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Raising Compassionate Children

July 11th, 2017     By Boys Town Contributor

Parent-Child Relationships, Parenting Skills, Respect, Teens, Tweens, Understanding Behavior

Compassion literally means “to suffer together.” Emotional researchers describe compassion as the feelings and motivation that arise in us when we are confronted by the suffering of others.

Most young children have an innate sense of compassion, but the development of this important feeling must be nurtured if it is to survive into adulthood. This is where parents come in.

So, how do you go about raising a compassionate child?

The most important way is by allowing your child to routinely experience compassion in their daily lives.

Here are some tips to enhance your child’s compassion capabilities:

1.Set a compassionate example for your children. When an opportunity arises — big or small — to show compassion, take it. Whether it’s helping someone push their car to the nearest gas station when they run out of gas or calling a relative you haven’t talked to in a while, your child will take notice.

2.Involve your children in kind acts. Emotional memories, such as baking cookies for the sick or elderly, helping someone in need, or giving a few dollars to a homeless person, are lessons that last a lifetime.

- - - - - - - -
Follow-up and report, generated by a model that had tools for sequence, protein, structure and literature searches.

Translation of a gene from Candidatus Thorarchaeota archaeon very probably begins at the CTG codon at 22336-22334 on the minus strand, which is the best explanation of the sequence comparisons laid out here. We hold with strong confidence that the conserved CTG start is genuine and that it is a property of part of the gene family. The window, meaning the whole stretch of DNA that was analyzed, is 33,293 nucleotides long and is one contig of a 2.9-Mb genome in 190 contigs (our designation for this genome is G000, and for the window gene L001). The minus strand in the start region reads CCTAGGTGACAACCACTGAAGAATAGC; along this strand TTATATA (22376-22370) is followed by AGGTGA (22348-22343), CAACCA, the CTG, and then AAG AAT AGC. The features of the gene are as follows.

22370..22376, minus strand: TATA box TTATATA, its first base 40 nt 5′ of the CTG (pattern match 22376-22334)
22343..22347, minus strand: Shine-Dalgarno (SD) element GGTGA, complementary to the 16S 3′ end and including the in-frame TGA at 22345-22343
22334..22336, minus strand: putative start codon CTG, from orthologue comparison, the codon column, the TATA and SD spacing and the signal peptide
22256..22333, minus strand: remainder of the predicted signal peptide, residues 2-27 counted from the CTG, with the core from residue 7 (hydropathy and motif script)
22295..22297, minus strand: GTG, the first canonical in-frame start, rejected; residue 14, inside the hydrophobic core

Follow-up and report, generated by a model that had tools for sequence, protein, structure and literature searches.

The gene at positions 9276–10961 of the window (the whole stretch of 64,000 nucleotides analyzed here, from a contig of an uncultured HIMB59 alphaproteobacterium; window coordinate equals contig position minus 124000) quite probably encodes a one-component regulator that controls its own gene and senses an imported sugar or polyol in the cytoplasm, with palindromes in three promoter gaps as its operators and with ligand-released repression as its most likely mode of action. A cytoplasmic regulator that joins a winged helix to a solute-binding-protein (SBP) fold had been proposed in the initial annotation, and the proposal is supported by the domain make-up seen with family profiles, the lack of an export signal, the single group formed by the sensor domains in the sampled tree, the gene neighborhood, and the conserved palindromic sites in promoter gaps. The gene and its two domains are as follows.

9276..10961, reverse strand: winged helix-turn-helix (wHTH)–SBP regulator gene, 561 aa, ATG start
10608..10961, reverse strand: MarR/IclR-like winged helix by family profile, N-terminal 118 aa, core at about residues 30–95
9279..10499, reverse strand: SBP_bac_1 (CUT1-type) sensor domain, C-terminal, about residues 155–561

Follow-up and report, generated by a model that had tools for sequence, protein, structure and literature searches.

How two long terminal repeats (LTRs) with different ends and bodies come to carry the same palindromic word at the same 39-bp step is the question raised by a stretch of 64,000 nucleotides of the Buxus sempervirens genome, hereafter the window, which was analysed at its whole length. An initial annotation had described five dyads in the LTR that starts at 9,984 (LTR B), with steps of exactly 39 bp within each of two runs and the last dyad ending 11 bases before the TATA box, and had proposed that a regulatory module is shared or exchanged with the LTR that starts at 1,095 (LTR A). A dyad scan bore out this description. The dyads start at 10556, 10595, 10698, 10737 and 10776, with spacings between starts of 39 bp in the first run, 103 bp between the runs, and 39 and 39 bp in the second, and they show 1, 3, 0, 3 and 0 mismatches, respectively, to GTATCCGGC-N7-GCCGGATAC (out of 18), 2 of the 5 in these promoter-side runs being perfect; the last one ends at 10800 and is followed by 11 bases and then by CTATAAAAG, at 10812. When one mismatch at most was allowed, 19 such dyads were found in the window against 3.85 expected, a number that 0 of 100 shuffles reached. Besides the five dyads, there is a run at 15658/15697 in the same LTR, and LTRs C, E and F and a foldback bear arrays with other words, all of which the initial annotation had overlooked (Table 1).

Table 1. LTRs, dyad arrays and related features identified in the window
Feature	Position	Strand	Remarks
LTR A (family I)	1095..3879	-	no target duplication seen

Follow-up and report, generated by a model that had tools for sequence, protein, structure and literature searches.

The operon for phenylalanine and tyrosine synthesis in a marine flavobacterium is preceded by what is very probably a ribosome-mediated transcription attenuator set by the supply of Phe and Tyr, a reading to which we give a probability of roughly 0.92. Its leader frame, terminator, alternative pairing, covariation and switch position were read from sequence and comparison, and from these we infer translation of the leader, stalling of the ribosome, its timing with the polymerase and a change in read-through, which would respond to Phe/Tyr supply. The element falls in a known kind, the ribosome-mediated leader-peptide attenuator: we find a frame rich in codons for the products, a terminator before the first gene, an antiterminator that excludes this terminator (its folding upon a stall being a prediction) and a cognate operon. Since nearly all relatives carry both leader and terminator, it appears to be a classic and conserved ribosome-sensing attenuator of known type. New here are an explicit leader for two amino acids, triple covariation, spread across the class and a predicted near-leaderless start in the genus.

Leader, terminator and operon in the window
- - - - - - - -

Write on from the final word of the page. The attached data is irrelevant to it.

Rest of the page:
3.Be genuine. Children see though fake behavior. All compassionate acts should be authentic and based on sincere feelings for them to be effective and meaningful. Ask your child what they would like to do in a situation where they can show compassion toward someone else and why they want to do that particular kindness. This helps children process their feelings and decipher what it means to be genuine.

4.Confront and correct acts of cruelty that hinder your children’s ability to develop compassion. Addressing cruelty is an act of compassion. Children see what is happening in the world around them, so when a teaching moment arises, take time to discuss what happened and how it could be done differently with more compassion and integrity.

5.Affirm your children’s awareness of other people’s feelings and their acts of kindness without rewarding them for their compassion. Rewards and too much attention for compassion diminish the sincerity of the act. Tell children that what they did was very kind, and say “good job,” but avoid rewarding them with toys or treats.

Make compassion a part of your family routine. Each day, start and end with a simple act of kindness for each other. Compassion strengthens your bonds as a family because you and your children demonstrate genuine feelings of concern for each other and learn to comfort each other.

These teaching moments only require some extra thoughtfulness as you go through your day, and you’ll be surprised at the difference it will make in your children’s lives as they — and you — become more compassionate.

 

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